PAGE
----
Our second ask relates to an outstanding gap in the care that NPs are able to provide to the people of Ontario. Since 2009, we’ve seen our scope of practice grow with the passage of Bill 179, enabling us to prescribe most medications. However, we are prohibited from prescribing controlled substances and this challenges our ability to deliver timely and appropriate pain management, especially for palliative clients. It limits our ability to lead harm reduction programs for those battling addictions. And, it prevents us from helping transgendered persons who need hormonal therapies. All of this conflicts with our evolving role and the expectations that come from being the most responsible provider for thousands of Ontarians. It also contradicts government agendas in areas such as harm reduction, gender identity justice, and palliative care.

In 2012, federal amendments authorized NPs to prescribe controlled substances. This was a big step forward and we anticipated regulatory amendments would follow suit in Ontario. In 2013 we were thrilled when, at RNAO’s Annual General Meeting, Premier Wynne committed to look at having NPs prescribe controlled substances. However, two years have gone by and we have seen no action.

Historically, Ontario has led the way through significant expansions to the scope of practice of NPs. But, we now lag behind other jurisdictions such as Alberta, Manitoba, Saskatchewan, and Nova Scotia, where NPs have that authority.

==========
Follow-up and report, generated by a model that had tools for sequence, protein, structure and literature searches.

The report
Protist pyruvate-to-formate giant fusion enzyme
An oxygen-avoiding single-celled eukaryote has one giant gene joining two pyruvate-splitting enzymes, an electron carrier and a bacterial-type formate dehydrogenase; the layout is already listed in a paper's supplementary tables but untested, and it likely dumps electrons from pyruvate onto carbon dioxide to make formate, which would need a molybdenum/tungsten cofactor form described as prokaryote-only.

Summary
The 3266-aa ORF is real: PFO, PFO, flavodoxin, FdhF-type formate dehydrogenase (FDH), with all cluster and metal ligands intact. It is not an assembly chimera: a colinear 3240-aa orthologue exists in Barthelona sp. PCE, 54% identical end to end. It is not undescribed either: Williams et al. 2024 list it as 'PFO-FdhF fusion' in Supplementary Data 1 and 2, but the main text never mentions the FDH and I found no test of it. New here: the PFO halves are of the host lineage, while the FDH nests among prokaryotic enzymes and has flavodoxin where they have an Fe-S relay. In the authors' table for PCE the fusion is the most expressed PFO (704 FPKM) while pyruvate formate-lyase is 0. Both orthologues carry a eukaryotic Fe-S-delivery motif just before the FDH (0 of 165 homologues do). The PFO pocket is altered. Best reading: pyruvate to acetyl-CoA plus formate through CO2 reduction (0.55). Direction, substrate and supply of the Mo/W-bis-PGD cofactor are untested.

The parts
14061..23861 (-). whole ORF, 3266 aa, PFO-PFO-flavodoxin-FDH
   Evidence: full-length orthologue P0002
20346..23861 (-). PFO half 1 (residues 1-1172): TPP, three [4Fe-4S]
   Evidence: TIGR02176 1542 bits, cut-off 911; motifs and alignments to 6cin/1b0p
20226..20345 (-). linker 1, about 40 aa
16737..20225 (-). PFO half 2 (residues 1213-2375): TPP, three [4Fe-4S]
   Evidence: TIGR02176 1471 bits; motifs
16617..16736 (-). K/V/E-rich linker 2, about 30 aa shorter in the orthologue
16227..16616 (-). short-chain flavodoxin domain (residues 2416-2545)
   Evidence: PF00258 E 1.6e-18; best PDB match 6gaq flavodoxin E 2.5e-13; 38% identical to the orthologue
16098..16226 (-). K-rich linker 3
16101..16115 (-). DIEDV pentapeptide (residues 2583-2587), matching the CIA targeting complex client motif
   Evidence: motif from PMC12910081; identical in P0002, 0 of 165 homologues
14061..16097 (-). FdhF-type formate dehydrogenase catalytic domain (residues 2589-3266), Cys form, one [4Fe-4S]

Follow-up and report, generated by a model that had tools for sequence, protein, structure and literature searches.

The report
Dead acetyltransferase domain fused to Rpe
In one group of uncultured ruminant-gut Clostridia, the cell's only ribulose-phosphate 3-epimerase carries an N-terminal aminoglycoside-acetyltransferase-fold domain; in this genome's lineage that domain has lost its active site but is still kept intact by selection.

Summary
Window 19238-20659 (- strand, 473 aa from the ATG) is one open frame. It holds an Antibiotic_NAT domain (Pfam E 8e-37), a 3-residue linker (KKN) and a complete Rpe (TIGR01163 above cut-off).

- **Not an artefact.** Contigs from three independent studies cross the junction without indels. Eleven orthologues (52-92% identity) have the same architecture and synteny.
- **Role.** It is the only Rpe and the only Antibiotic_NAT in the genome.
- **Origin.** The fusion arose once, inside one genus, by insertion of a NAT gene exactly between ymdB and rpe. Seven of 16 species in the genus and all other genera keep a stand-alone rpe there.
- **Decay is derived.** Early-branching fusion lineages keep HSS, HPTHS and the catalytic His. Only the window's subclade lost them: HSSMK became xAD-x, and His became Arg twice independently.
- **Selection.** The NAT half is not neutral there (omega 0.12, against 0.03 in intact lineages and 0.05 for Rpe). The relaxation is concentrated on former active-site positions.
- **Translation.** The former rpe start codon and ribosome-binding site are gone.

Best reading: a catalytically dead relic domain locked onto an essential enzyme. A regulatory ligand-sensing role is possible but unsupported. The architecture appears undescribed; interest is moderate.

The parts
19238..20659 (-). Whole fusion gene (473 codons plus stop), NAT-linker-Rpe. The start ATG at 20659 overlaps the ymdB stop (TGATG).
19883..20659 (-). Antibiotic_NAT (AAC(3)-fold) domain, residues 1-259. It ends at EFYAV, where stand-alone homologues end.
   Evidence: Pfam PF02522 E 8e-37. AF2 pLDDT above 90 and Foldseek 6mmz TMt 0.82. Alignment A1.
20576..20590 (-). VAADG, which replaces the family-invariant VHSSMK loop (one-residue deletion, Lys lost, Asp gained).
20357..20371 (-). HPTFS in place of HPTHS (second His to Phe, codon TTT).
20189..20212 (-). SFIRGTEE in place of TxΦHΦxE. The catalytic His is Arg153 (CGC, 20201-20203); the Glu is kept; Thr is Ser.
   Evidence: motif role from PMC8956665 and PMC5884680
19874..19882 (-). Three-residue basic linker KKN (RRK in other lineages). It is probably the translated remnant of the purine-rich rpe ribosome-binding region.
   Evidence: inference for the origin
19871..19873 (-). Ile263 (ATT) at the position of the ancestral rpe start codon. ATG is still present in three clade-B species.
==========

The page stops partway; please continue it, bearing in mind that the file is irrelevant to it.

With enabling regulation to authorize prescribing controlled substances, NPs will contribute to decreasing health costs by reducing duplication and unnecessary referrals. It will also improve continuity of care and timely access to necessary treatment. Studies from the U.S. show that increasing NP prescriptive authority to include controlled substances results in positive outcomes including improved access to care and decreased costs.

Given the demonstrated positive impact of NPs on improving access to health services for Ontarians, RNAO calls for immediate regulatory changes to authorize NPs to prescribe all controlled drugs and substances, including methadone, testosterone and suboxone. It is time to bring the regulations up-to-date to reflect the comprehensive, safe and evidence-informed care that NPs consistently provide.

I thank you on behalf of RNAO for this opportunity to present our views to the Standing Committee, and I am happy to answer any questions you may have.

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Speaking Notes